Also, he believed that a shot of whiskey and a nap would cure most things, she thought that aspirin and a nap was the way to go.

"Walk it off, son, you'll be fine."


[Whatever. Pray tell your garrulousness, when do you think you'll be old and why do you wish to be deleted before that happens?]

It's very complicated.

There's no way to predict when it will happen and lots of H. sapiens live on for decades after they get old without even noticing that it happened. I don't want to die, but as far as I'm concerned — that's the same thing.

It's getting old and not realizing that I got old, becoming in effect, a zombie, that I would avoid, that scares the hell out of me. Particularly since, unless one falls prey to some sort of dementia or some other equally awful physical malady, it's easily avoidable.

[I'm completely confused. I don't...]

Perhaps you're getting old. Sorry, couldn't resist, my bad. Clearly, I need to define my terms.


With the possible, but I suspect unlikely exception of those H. sapiens that hope to upload/download/whateverload themselves to a computer/robot/brain floating in a modified water cooler jug — Kurzweil's singularity — we're all going to die.

-Wikipedia-public domain-

At some point, before being deleted, you're going to look in the mirror and have to concede that your body has crossed a certain line and that the oft-mentioned "lines and wrinkles" are winning, that a holding action is the best you can hope for.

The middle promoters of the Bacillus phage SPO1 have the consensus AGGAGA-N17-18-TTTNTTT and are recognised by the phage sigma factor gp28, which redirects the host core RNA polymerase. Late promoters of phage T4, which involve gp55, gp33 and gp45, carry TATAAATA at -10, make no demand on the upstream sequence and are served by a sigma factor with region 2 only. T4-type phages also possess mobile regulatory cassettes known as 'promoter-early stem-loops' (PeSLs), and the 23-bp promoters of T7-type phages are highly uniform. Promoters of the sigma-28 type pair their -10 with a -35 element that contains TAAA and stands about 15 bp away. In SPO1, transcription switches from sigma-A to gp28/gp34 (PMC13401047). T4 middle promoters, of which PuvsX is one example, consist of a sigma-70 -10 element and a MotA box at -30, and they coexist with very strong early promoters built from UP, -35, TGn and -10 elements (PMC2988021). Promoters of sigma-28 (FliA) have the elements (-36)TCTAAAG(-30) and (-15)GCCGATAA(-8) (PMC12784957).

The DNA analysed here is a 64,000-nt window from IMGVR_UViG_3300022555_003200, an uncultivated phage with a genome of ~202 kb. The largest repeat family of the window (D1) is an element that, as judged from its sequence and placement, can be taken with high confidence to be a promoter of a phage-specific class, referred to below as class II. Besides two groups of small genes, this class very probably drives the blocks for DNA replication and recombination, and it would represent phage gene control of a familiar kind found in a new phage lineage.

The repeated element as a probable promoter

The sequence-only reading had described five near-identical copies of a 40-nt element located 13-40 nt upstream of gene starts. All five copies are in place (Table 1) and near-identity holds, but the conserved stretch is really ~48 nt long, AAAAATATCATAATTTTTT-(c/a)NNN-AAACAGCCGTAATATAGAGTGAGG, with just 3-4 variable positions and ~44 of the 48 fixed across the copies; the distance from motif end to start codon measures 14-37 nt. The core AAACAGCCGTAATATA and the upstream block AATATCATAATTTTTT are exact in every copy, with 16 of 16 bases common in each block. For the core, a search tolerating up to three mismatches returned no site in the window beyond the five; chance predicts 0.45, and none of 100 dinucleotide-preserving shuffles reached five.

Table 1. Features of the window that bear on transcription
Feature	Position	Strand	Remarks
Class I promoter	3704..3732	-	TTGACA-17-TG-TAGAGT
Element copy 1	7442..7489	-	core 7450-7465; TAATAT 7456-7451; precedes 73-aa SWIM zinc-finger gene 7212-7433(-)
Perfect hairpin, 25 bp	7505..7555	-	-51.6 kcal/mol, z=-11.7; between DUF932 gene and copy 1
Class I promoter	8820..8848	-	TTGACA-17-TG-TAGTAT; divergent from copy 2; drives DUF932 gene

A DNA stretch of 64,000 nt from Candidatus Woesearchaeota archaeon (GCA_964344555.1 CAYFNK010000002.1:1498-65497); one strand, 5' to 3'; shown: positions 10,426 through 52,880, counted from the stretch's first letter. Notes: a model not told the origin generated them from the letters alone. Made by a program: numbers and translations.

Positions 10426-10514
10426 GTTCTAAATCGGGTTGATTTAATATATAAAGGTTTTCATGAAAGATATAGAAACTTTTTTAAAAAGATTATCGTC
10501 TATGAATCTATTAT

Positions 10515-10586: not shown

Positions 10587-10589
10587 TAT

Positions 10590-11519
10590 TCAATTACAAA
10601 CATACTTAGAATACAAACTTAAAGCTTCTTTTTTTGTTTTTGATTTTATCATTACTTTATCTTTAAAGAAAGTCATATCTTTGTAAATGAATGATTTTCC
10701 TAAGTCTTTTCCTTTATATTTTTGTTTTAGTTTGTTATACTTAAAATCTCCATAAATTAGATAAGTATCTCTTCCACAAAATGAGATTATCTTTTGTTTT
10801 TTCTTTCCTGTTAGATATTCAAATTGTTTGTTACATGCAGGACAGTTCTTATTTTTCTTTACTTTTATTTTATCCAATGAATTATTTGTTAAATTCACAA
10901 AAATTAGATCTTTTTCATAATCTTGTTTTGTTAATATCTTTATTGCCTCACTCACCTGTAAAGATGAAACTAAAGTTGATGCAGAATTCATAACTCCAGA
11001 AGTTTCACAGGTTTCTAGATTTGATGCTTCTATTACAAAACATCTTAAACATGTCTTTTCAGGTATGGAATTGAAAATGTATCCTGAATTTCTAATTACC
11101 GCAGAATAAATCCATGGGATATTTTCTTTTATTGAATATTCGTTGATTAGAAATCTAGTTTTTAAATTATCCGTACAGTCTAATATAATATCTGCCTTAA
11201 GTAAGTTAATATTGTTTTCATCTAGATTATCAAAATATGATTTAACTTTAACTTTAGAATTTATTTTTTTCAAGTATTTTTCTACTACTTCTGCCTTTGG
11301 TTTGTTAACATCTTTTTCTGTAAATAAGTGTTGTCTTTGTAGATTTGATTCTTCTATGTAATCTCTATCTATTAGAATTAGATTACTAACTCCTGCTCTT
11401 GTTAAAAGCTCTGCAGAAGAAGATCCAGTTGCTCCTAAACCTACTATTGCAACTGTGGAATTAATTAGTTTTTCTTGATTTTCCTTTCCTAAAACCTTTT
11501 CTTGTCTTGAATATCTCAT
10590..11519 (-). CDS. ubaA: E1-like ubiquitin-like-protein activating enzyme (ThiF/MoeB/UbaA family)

This is mere biology, inevitable, and all that you can do is all that you can do. In fact, this can be a liberating experience. One less thing to obsess about. Invoke an appropriate cliche, I like it is what it is and then make a decision. Now what?

May I suggest, assuming you haven't already become a zombie, that you take this opportunity to remember to not get old.

That ultimately undefinable spark of transcendence that is you — which includes your body, a body that should still be taken care of, appreciated, and enjoyed (if still possible) — does not have to get old.

It's really just that simple.

[Simple huh? And just how does one go about...]

As I've written previously but don't feel like looking up exactly where and when...

"Someone to love that loves you back (a dog will do) and interesting work is the secret of (occasional) happiness." -me

To which I would add, "And not getting old." 


To which I would also add that your work is probably not what you do for a living unless you're unbelievably blessed. 


Your work is that thing that keeps you getting you out of bed in the morning in spite of _______. And don't even get me started about _______. 


Collecting football cards, amateur brain surgery, or something in between   whatever works. For me, it's primarily my family and writing this column (believe it or not) and a few other things of lesser importance.


Poppa loves you,
Have an OK day

Please scroll down to react, comment, or share. If my work pleases you I wouldn't be offended if you offered to buy me some cheap coffee.